Whitewash blinked. “Pardon?”
“I’m sorry, but… but I need you to leave.” Her voice was a weak and shaky, like autumn’s last trembling leaf. “I’m so sorry I brought you all the way down here. This was a big mistake. This is a sign. I—I normally work alone.” She trotted to the other side of her counter, lifting her eyelids to do so. Only then did Whitewash see the tears flooding her eyes.
His heart sank. “Miss Lilligold, I’m very sorry. I really didn’t mean to—”
“No. No, it’s fine. Sorry for your troubles.” She opened another drawer. Her magic flickered a few times, and she bit her lip. Finally she just ducked her head in the drawer and grabbed a little envelope in her mouth. She spat it across the counter and said, “Your hotel information. It’s paid for a week.” Her voice snapped. “Please. Please just go. I can’t take this.”
In complete silence, Whitewash nodded. He took the envelope and dragged himself and his suitcase to the exit. He paused, looked over his shoulder and said, “Good luck with your project, Miss Lilligold. I hope it turns out great.”
Her back was turned, but she nodded and squeaked out something that sounded like, “Thank you.”
Whitewash left. Out on the sidewalk, he breathed a hearty sigh. He glanced at the hotel information and wandered away, doing his best to push the encounter from his mind. He was fairly sure he’d passed a comic store on one of Elmshire’s labyrinthine streets. Perhaps something there could clear his thoughts.
In the midday gloom of her shop, Lilligold wept softly. Her body still shook, although Whitewash had been gone nearly twenty minutes. A small part of her wanted to lash out and hit something, but the only target was the luminescent cactus she’d toiled over for months, so she bottled the impulse up.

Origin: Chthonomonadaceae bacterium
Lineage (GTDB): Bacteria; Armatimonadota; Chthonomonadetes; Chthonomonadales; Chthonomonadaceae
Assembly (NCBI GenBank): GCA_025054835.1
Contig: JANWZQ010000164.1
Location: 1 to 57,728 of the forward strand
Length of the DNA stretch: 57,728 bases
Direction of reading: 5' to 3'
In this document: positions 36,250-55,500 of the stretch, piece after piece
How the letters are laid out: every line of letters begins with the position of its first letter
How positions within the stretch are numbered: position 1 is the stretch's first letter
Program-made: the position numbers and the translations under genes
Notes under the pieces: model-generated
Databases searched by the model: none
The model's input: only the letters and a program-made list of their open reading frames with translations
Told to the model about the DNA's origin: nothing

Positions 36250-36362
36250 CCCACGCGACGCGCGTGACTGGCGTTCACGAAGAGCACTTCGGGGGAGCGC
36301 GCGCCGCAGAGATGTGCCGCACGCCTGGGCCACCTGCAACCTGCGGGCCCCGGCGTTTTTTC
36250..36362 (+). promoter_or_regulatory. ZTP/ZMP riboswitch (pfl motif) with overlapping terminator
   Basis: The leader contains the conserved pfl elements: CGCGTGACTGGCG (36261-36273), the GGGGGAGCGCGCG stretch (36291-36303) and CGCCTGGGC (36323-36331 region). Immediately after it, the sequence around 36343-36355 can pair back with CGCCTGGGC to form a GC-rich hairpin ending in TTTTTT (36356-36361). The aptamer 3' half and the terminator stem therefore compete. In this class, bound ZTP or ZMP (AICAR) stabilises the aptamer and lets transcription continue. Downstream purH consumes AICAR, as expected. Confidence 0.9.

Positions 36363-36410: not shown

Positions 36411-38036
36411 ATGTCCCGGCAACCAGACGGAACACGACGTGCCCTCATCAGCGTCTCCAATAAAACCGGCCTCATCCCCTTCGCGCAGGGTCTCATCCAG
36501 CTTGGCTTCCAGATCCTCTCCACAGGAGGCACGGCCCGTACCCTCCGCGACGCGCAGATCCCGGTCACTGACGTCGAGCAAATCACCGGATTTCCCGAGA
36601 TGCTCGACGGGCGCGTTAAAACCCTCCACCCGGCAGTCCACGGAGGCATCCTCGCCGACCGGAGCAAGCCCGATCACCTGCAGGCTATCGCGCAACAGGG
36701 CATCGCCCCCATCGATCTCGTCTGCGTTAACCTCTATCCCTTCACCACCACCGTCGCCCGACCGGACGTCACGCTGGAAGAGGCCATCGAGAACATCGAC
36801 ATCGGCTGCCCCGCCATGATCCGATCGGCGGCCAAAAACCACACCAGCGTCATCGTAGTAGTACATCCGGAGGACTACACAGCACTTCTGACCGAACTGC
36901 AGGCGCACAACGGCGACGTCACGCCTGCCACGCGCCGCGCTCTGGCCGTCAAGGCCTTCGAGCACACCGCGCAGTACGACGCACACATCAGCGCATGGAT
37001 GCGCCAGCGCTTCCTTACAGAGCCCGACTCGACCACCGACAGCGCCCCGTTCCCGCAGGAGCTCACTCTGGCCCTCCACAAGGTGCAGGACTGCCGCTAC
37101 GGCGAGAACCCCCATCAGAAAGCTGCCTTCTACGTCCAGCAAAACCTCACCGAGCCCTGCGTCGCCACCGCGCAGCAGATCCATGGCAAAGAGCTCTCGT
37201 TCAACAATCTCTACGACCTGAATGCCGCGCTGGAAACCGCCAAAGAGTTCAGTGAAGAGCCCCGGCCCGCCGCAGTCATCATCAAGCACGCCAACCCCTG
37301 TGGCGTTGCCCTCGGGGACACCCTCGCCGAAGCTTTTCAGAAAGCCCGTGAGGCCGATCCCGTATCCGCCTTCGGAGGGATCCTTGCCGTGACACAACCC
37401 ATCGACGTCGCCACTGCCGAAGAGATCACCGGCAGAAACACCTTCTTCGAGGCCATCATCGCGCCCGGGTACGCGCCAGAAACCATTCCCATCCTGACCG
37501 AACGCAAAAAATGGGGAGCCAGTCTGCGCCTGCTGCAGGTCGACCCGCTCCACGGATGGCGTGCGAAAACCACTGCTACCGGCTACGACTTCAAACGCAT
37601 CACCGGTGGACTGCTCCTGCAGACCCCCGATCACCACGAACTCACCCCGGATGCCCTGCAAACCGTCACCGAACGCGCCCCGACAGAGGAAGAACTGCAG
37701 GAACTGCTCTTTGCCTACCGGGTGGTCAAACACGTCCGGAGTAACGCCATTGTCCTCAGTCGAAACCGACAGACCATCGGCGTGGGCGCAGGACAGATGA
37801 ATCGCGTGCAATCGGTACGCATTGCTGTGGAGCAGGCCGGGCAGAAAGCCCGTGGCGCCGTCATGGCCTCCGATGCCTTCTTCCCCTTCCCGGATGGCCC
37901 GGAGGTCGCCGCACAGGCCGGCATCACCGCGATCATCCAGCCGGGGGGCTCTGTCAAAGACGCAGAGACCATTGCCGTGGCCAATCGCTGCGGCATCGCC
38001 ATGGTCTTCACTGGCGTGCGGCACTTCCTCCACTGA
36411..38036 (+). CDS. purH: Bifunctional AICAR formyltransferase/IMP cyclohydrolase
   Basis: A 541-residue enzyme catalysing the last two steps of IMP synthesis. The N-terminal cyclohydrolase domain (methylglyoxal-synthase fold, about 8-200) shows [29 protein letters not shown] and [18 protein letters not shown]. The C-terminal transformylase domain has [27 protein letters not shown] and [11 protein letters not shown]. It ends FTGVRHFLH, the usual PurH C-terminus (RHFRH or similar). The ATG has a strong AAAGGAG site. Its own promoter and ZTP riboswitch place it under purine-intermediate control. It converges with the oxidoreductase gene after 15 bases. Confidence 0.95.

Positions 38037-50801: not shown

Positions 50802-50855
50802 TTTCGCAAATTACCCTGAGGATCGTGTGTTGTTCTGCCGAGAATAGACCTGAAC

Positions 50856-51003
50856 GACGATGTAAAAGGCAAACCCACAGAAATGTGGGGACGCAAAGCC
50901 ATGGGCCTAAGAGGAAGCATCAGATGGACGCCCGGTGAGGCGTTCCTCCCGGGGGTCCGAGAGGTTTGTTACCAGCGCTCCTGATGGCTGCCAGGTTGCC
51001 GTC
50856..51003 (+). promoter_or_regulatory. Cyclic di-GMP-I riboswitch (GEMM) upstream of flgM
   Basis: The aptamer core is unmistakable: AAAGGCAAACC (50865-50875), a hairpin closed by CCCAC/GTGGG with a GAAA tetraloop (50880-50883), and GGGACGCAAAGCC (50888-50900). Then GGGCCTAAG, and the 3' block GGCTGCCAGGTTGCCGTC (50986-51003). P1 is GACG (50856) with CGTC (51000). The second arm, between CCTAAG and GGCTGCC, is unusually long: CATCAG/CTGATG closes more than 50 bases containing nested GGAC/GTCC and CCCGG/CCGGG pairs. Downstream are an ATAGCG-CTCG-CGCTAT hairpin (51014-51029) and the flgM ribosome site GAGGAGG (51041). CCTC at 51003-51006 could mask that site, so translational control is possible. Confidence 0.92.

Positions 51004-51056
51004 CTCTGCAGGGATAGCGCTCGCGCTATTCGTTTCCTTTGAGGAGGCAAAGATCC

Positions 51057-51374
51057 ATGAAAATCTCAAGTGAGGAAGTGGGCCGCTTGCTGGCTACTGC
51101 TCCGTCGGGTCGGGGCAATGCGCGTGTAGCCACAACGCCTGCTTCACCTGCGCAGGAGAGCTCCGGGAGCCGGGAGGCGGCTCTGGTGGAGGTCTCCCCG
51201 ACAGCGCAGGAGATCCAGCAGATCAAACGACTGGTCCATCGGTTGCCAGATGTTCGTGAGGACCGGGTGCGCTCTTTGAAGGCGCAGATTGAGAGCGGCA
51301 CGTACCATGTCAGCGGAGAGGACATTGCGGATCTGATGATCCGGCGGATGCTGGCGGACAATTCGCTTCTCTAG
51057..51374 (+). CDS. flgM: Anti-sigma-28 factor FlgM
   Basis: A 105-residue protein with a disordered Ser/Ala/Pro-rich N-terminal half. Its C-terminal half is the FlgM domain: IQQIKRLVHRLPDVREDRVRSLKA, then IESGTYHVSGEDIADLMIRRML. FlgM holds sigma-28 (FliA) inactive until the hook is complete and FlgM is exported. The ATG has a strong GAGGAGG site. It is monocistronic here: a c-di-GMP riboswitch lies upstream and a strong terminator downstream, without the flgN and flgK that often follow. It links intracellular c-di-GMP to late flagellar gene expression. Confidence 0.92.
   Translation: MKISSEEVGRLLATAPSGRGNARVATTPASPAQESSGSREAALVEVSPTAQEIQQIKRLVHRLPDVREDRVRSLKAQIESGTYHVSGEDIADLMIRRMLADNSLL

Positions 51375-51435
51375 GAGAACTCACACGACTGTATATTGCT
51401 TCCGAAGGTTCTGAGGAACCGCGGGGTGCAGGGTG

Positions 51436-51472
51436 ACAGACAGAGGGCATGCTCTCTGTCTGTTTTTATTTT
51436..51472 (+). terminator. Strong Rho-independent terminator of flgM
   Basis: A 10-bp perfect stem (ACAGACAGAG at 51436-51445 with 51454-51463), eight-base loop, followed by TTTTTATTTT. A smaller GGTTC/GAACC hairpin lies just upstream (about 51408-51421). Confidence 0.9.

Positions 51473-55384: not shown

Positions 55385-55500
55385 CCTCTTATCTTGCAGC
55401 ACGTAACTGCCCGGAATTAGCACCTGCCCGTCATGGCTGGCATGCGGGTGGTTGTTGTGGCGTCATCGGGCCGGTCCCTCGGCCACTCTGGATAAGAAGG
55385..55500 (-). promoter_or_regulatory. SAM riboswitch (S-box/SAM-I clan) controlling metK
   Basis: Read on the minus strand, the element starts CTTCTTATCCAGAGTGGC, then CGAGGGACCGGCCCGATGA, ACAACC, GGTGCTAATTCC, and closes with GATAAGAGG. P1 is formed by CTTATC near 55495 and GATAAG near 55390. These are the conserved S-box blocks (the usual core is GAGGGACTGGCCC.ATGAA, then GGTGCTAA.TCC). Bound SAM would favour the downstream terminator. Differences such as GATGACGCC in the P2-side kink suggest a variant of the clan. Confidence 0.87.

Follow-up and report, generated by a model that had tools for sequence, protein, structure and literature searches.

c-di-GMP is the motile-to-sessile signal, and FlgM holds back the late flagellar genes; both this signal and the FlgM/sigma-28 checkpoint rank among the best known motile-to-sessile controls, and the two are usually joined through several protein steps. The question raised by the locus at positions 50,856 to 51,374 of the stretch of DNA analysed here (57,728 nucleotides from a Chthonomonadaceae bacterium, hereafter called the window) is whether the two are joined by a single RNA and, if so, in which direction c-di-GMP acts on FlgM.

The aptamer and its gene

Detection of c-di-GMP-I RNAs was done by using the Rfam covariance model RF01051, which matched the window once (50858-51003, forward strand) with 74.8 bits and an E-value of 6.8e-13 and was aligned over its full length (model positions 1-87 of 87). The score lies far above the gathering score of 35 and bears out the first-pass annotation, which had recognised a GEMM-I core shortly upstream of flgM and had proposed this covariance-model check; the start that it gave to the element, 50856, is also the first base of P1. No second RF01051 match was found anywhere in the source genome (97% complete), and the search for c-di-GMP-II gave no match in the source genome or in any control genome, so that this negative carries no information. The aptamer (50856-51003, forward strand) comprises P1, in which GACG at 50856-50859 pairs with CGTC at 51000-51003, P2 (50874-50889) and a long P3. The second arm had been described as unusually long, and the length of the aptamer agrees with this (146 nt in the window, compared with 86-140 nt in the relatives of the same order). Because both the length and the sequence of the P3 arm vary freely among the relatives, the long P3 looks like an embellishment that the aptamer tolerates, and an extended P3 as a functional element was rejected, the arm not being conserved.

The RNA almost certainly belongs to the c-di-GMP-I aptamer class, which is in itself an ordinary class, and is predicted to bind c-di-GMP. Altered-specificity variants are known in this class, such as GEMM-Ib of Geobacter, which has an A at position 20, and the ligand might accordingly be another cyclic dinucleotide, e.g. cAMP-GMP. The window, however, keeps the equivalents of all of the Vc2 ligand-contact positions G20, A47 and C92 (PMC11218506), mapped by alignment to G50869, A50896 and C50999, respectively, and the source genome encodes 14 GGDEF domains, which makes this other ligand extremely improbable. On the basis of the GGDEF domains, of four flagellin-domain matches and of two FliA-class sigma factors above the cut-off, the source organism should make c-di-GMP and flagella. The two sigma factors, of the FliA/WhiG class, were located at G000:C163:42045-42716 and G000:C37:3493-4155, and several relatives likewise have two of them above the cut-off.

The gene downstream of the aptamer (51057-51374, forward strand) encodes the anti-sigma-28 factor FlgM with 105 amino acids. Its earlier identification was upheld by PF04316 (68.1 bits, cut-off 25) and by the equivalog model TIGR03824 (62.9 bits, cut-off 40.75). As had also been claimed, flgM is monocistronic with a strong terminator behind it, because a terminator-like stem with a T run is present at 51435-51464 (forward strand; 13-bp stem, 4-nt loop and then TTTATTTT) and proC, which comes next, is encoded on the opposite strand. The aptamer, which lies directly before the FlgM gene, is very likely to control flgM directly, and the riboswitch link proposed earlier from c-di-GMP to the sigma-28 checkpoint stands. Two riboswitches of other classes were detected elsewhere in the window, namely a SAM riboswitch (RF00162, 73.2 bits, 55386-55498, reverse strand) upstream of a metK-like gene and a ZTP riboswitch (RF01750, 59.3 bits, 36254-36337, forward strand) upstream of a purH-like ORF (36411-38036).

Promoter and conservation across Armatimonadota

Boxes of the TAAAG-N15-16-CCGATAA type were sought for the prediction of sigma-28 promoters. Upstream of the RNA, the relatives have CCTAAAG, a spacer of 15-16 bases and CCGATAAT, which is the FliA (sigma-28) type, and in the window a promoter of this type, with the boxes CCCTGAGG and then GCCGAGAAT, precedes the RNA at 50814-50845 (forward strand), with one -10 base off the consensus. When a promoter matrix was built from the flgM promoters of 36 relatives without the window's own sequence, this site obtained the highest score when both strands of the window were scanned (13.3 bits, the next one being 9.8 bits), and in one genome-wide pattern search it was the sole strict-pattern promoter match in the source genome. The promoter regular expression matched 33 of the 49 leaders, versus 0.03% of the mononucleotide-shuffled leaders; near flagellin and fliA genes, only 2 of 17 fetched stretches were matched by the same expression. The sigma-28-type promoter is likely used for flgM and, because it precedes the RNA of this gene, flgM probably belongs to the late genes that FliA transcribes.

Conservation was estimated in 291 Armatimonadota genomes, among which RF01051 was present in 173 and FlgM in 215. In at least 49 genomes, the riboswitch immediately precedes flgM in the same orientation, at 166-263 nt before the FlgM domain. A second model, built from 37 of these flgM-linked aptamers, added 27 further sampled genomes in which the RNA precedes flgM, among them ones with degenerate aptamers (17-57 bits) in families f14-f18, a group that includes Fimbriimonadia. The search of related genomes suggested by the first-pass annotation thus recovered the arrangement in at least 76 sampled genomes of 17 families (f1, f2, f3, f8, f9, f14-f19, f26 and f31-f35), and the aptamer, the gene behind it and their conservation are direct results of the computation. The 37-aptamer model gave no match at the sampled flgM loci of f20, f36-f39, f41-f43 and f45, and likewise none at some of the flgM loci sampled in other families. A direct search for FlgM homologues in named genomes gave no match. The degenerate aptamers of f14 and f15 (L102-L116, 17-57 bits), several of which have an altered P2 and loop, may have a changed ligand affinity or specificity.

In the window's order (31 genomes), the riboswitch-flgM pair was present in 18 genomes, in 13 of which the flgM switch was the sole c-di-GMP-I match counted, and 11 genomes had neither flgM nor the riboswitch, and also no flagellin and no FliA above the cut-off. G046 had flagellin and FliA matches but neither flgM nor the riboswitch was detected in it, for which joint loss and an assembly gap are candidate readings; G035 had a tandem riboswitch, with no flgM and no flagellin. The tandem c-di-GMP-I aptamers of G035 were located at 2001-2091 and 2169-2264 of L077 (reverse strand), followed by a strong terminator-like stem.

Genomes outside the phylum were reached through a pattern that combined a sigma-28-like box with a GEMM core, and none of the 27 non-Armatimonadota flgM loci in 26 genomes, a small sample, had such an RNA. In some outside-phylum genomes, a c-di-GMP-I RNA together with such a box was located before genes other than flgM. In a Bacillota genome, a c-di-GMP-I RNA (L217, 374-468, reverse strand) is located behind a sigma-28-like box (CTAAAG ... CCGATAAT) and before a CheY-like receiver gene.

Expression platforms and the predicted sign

Several quiet minutes later, she stood up and straightened herself. She approached the cactus and eyed it sadly. It still looked like a chimera of broken magic and plant life—a mere fragment of what her mind’s eye had imagined. She slid it away and sprawled herself across the desk. She sighed and blew her mane from her face.
Something tingled in her stomach. Lilligold’s eyes flicked down to the drawer that contained her story. That stupid, damned, troublesome story. She considered for a moment before sliding it open and lifting the top page out. She scanned it and hovered her quill over, jotting something in the margins:
Stardom too perfect. Plot too standard. Revise.
She stared at the note for a moment, then scratched a hard line through it. She stared longer and scribbled the note out entirely. Lastly she tapped her quill and rewrote the note in red ink. Shaking her head, she hid the page away and grabbed the cactus in her magic. She trotted into the backroom and got to work.